Mexico's informal sector under structural adjustment : a gender and class analysis

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dc.contributor.advisor Veltmeyer, Henry
dc.coverage.spatial Mexico
dc.creator Goto, Minori 2011-05-09T12:32:01Z 2011-05-09T12:32:01Z 1995
dc.identifier.other HD2346 M6 G67 1995
dc.description v, 130 leaves : ill. ; 28 cm.
dc.description Includes abstract.
dc.description Includes bibliographical references (leaves 117-130).
dc.description.abstract This thesis examines, within the theoretical framework of socialist feminism, Mexico's informal sector under Structural Adjustment. Upon the implementation of the neo-liberal economic restructuring program, Mexico shifted its orientation in economic development from state intervention to a free market approach based on the liberalization of trade and treatment of foreign investment, deregulation and the privatization of state enterprises. This transformation has resulted in massive layoffs, the drastic decrease of real wages, price increases and the cutback of public services and subsidies. These have in turn created material conditions which prompted many Mexicans to enter the informal sector to find or create employment. It is in this context that the thesis conducts a gender and class analysis of the growth and changes of the informal sector, utilizing the existing statistical information in the literature. Two factors which contribute to the recent exponential increase of informal employment are highlighted: the downward movement of male proletarians from the formal to the informal sector; and the mobilization by households of a potential or reserve supply of female labour as part of their survival strategies. The thesis also investigates the growing precariousness and disparity among informal workers. The thesis then examines the recent feminization of informal employment under the adjustment programs. Exploring the reasons why this has been occurring, the thesis reveals the interplay of gender and class which maintains cheap and flexible female labour. It argues that Mexico's restructuring has been facilitated by the informal proletarianization of women. In this context, however, the examination of "women's work" goes beyond their remunerated activities to their unremunerated domestic work. The thesis then concludes that the recent informal sector phenomenon under the adjustment programs have had particularly negative implications for women workers.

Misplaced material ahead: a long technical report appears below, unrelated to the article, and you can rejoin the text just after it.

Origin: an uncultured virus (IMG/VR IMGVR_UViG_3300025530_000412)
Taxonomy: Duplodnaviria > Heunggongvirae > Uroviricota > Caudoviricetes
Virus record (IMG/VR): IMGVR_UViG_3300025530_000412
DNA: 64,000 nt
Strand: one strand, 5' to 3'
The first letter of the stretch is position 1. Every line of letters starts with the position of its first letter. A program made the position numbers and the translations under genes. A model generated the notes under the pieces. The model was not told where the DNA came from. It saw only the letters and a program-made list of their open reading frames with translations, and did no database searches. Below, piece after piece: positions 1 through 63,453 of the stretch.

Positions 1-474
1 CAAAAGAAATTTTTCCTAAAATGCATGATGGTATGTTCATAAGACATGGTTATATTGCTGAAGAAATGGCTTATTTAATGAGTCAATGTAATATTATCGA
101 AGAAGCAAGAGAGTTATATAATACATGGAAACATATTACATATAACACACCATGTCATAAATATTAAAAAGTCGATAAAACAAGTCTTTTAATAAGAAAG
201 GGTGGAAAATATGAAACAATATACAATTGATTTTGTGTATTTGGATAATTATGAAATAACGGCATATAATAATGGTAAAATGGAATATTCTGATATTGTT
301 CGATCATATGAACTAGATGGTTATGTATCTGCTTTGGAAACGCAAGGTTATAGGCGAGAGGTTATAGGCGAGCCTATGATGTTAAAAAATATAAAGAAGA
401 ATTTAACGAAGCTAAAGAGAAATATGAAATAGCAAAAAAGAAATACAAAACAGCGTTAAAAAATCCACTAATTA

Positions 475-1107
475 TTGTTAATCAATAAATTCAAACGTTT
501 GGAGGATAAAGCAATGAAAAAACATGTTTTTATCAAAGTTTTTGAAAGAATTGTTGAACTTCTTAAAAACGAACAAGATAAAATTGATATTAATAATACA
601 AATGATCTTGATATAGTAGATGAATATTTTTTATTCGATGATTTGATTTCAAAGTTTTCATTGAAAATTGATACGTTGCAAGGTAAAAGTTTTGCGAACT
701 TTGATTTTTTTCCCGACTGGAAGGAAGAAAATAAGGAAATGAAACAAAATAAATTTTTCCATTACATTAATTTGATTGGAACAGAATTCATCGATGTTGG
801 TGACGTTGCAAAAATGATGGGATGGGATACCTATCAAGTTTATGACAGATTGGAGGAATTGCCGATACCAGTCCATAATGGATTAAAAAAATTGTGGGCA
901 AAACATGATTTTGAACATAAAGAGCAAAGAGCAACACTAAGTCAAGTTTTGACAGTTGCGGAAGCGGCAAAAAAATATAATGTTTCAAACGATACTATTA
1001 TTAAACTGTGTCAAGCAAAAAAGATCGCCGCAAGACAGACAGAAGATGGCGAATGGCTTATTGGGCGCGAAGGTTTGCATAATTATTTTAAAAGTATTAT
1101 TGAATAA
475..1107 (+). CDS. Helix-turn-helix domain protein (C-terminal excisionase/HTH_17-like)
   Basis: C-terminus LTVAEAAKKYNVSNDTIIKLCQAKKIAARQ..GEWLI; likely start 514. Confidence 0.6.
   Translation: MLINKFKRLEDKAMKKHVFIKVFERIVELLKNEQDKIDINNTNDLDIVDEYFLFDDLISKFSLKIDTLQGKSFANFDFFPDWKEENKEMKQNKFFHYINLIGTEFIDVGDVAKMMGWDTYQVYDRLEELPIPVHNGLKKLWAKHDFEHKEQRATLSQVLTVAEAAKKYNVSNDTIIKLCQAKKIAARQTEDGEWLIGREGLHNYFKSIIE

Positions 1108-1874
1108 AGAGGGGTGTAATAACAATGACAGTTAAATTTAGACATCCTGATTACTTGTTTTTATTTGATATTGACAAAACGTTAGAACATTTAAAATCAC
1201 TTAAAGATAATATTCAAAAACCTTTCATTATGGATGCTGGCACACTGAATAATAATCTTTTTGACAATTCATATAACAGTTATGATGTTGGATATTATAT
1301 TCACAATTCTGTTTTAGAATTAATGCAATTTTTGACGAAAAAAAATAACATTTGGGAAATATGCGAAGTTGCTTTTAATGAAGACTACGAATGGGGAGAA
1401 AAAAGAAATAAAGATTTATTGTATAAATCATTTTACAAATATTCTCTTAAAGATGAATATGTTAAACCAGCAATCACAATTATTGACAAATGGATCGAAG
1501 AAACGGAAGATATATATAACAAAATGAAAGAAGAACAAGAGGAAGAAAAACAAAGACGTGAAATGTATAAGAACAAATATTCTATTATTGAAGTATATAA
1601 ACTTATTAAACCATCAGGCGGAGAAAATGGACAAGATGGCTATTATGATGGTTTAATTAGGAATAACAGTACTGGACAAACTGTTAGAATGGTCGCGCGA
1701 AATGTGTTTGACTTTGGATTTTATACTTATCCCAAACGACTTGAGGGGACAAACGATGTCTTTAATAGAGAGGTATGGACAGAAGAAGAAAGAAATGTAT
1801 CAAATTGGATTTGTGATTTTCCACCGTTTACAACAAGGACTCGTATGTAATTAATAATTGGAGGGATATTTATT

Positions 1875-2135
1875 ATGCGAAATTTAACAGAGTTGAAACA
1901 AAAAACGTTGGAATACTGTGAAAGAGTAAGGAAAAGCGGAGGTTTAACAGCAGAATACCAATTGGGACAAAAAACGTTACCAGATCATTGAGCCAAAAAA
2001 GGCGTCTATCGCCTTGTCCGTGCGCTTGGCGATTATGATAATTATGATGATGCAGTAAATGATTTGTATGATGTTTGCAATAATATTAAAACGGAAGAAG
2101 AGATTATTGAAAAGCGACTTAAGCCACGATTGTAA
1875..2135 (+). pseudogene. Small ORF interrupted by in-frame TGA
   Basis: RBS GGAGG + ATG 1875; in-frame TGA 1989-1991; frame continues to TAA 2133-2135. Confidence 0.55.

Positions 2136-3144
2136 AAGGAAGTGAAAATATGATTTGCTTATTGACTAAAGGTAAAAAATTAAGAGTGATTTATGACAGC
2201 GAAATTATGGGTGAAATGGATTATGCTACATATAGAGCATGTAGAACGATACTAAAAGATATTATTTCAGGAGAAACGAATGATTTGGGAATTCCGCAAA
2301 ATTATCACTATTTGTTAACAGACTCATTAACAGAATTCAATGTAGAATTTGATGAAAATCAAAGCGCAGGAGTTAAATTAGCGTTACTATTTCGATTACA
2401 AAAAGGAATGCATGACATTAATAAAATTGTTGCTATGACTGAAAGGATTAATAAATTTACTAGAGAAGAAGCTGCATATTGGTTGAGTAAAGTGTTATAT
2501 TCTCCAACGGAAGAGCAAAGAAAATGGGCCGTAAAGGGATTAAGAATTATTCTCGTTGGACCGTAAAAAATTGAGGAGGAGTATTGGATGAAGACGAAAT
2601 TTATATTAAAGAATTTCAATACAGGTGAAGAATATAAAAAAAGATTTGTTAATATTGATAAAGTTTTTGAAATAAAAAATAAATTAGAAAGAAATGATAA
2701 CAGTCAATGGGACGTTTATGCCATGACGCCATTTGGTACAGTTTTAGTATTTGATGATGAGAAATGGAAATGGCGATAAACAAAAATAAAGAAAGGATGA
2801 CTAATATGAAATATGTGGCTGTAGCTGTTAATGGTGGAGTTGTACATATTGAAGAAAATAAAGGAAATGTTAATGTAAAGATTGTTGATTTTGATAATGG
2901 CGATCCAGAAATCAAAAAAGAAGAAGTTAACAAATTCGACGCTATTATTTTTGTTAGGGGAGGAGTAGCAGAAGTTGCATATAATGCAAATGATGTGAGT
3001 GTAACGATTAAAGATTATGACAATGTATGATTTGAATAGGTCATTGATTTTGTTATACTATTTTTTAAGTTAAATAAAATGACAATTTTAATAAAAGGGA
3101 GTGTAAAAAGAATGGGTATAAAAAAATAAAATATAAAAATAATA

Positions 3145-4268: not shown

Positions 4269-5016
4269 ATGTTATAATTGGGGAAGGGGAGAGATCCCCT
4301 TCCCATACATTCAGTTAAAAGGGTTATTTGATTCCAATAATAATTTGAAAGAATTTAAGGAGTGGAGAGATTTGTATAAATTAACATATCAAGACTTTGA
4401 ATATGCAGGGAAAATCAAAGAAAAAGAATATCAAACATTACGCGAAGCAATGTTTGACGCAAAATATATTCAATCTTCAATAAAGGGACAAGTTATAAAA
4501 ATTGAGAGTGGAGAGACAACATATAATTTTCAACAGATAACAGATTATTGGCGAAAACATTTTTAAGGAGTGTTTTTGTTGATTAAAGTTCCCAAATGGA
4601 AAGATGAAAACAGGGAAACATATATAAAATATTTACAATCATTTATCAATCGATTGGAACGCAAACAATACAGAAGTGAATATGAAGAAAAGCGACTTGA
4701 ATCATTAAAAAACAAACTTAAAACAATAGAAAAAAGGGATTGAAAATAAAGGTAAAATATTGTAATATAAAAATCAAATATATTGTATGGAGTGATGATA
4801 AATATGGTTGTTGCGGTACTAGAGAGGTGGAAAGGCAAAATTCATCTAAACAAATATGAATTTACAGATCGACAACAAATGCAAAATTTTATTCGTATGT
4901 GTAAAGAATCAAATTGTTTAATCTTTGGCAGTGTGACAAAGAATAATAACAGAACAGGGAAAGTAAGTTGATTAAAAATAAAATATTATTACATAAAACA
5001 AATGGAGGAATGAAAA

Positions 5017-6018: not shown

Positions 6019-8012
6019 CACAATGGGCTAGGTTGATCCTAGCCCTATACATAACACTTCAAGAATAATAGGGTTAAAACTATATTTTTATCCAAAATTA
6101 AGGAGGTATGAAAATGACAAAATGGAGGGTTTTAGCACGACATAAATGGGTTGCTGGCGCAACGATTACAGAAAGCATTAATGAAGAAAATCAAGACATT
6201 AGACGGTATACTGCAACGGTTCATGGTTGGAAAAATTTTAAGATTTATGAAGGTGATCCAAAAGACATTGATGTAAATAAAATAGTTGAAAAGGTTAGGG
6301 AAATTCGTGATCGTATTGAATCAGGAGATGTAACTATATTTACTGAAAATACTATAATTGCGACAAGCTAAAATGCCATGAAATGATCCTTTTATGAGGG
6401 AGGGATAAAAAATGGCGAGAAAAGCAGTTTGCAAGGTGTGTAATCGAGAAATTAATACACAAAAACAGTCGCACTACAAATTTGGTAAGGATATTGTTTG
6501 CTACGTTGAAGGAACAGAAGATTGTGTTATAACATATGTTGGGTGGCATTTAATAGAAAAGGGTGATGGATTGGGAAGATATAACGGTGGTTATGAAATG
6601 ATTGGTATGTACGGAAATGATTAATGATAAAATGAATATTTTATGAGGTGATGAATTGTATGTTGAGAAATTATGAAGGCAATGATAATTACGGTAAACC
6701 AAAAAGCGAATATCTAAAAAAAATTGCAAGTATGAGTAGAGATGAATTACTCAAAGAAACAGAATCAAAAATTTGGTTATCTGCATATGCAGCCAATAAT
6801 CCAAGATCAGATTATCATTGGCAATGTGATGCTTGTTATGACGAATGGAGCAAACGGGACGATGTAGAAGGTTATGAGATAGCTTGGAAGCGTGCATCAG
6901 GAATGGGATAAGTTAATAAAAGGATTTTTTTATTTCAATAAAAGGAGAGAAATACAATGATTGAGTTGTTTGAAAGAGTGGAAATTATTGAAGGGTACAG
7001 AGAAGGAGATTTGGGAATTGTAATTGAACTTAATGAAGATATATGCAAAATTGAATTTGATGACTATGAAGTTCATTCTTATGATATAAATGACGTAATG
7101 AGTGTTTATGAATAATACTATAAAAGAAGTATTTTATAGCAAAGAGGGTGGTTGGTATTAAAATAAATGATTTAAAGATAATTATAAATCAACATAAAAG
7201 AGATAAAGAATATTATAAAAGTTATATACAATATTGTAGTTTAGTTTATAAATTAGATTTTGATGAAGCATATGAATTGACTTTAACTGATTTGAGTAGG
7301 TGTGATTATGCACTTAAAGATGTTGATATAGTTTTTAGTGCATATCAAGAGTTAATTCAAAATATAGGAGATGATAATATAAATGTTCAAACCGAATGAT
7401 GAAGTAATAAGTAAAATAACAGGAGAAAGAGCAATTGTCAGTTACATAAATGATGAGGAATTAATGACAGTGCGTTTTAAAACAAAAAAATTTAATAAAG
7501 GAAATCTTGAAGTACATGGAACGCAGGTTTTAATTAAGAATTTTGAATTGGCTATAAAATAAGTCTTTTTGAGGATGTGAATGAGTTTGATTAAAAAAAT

dc.description.provenance Made available in DSpace on 2011-05-09T12:32:01Z (GMT). No. of bitstreams: 0 en
dc.language.iso en
dc.publisher Halifax, N.S. : Saint Mary's University
dc.subject.lcc HD2346.M6
dc.subject.lcsh Informal sector (Economics) -- Mexico
dc.subject.lcsh Women -- Employment -- Mexico
dc.subject.lcsh Sexual division of labor -- Mexico
dc.subject.lcsh Structural adjustment (Economic policy) -- Mexico
dc.subject.lcsh Mexico -- Social conditions -- 1970-
dc.title Mexico's informal sector under structural adjustment : a gender and class analysis
dc.type Text Master of Arts in International Development Studies Masters International Development Studies Program Saint Mary's University (Halifax, N.S.)
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